Shares in Fisher and Paykel hit another record high yesterday as the market rebounded from Monday's sell off, and on optimism that the respiratory products maker would benefit from the coronavirus outbreak.
The stock - the NZX's biggest by market capitalisation and one of many to rebound after a sharp selloff on Monday - ended the day at $25.94, up 34c, from Monday's close, having hit a record $27.00 earlier in the session.
The stock has been on a record breaking run over the past 12 months - it has rallied by 68 per cent over that time.
F&P Healthcare's gain helped drive the S&P/NZX50 index up 3 per cent to 11,453, following Monday's 1.4 per cent decline.
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"Notwithstanding the current premium F&P Healthcare is trading at, relative to both the market and its healthcare peer group, the market is assuming an upgrade to earnings from the coronavirus outbreak," Mark Brown, chief investment officer at Devon Funds Management said.
"This is quite possible given the respiratory nature of the disease and the substantial portion of revenue the company derives from ventilating patients within hospitals," he said.
Common signs of the coronavirus Covid-19 include respiratory symptoms, fever, cough, shortness of breath and breathing difficulties.
F&P Healthcare was to have held an investor day today but postponed it to focus on responding to the outbreak.
"The company will update the market in due course on a revised date," it said in a statement to the NZX last week.
F&P Healthcare makes and markets products and systems for use in respiratory care, acute care, surgery and the treatment of obstructive sleep apnea.
Forsyth Barr senior equity analyst Chelsea Leadbetter said any lift in respiratory-related illness has historically been beneficial to F&P Healthcare's product sales into hospitals.
"These type of events can also sometimes see hospitals purchasing extra hardware," she said.
"It is difficult to predict how this situation evolves, however at this point the number of people impacted is small in the context of FPH's global business," she said.
Last year, F&P Healthcare's products were used in the treatment of about 14 million patients across 120 countries.
That compares with 90,000 or so coronavirus cases detected so far after the disease first surfaced in the central China city of Wuhan late last year.
Leadbetter, noting the company's latest earnings upgrade, said that since the outbreak, F&P Healthcare had seen a step-change in hardware demand from China – "as you might expect given the increased hospital infrastructure which has been put in place."
She pointed out China makes about less than 5 per cent of the group's revenue.
The company has already upgraded its earnings forecasts twice in the last few months.
In its last earnings update on February 21, the company said that, assuming a NZ:US exchange rate of about 64 cents for the balance of the financial year, its full year operating revenue was likely to hit about $1.2 billion and for its net profit after tax to be in a range of $260m to $270m.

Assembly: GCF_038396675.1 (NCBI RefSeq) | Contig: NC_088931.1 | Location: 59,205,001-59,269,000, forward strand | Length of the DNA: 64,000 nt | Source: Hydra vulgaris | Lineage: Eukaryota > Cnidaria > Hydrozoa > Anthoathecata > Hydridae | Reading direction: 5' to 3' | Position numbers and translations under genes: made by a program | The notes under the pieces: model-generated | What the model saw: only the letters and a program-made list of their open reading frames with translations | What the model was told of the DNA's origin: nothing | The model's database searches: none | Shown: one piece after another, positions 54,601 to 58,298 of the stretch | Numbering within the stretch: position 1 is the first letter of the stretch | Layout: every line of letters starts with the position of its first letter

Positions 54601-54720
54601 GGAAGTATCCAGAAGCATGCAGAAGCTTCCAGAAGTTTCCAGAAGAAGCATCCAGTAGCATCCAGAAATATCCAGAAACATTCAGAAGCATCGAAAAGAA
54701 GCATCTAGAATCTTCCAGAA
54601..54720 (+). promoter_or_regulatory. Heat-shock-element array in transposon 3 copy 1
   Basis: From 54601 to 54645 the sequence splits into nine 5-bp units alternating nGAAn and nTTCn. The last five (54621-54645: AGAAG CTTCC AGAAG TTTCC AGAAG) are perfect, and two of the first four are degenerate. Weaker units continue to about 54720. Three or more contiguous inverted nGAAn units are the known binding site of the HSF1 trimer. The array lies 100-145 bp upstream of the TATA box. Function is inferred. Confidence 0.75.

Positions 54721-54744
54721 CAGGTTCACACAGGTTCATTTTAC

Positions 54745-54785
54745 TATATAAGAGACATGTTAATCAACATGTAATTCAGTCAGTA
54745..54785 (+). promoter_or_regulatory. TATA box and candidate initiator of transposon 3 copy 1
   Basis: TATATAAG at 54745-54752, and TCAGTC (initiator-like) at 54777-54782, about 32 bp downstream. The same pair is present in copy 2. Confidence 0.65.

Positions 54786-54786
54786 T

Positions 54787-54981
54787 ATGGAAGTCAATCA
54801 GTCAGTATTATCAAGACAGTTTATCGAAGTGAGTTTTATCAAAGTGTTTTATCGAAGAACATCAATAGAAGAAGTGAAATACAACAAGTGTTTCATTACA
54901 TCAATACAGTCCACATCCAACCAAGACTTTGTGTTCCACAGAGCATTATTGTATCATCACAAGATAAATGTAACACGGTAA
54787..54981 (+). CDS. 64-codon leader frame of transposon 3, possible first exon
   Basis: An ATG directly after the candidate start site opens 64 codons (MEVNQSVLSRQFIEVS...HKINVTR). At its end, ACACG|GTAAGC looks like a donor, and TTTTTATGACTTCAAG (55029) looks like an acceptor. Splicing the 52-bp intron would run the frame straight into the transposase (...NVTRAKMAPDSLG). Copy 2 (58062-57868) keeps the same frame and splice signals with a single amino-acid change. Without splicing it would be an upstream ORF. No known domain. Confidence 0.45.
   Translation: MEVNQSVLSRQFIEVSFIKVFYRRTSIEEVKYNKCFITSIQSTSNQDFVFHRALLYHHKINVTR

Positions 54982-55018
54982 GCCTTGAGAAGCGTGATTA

In its previous guidance, issued in November, was for operating revenue to be about $1.19 billion and net profit after tax to be $255m to $265m.
"We've seen better-than-expected sales in our homecare product group combined with continued strong growth in our Hospital product group," it said.
"This includes an increase in demand from China related to the Covid-19 coronavirus outbreak," Lewis Gradon, managing director and chief executive said.
The company has been fielding inquiries about possible impacts to the company's supply chain resulting from coronavirus.
F&P Healthcare does not have a manufacturing facility in China, but some of its suppliers of raw materials are based there.
"At this stage, we do not anticipate any significant impact on supply to our existing customers. We will continue to assess this on an ongoing basis, particularly if the outbreak escalates or continues for a prolonged period," Gradon said at the time.
"During this challenging time for China, we appreciate the efforts of our own team and our suppliers.
"Our people have been working long hours to ship products quickly, assemble them, and meet the need for training, particularly in Wuhan."
F&P Healthcare last year received regulatory clearance to sell a new, full-face obstructive sleep apnea (OSA) mask in the United States, which is the biggest market for the product.
The 2019 year was the first in the past three years that F&P Healthcare has not had to set aside big sums for legal costs after it agreed to settle all outstanding patient patent infringement disputes with its US competitor ResMed.
The settlement involved no payment or admission of liability by either side.
F&P Healthcare, whose earnings are mostly derived from offshore, benefits when the New Zealand dollar is weak.
The currency traded today at US62.5c, down from US66c in late January.
F&P's Healthcare's market capitalisation stands at $15.1b.
The next two biggest NZX-listed companies - a2 Milk and Meridian - level peg at around $12.4b each.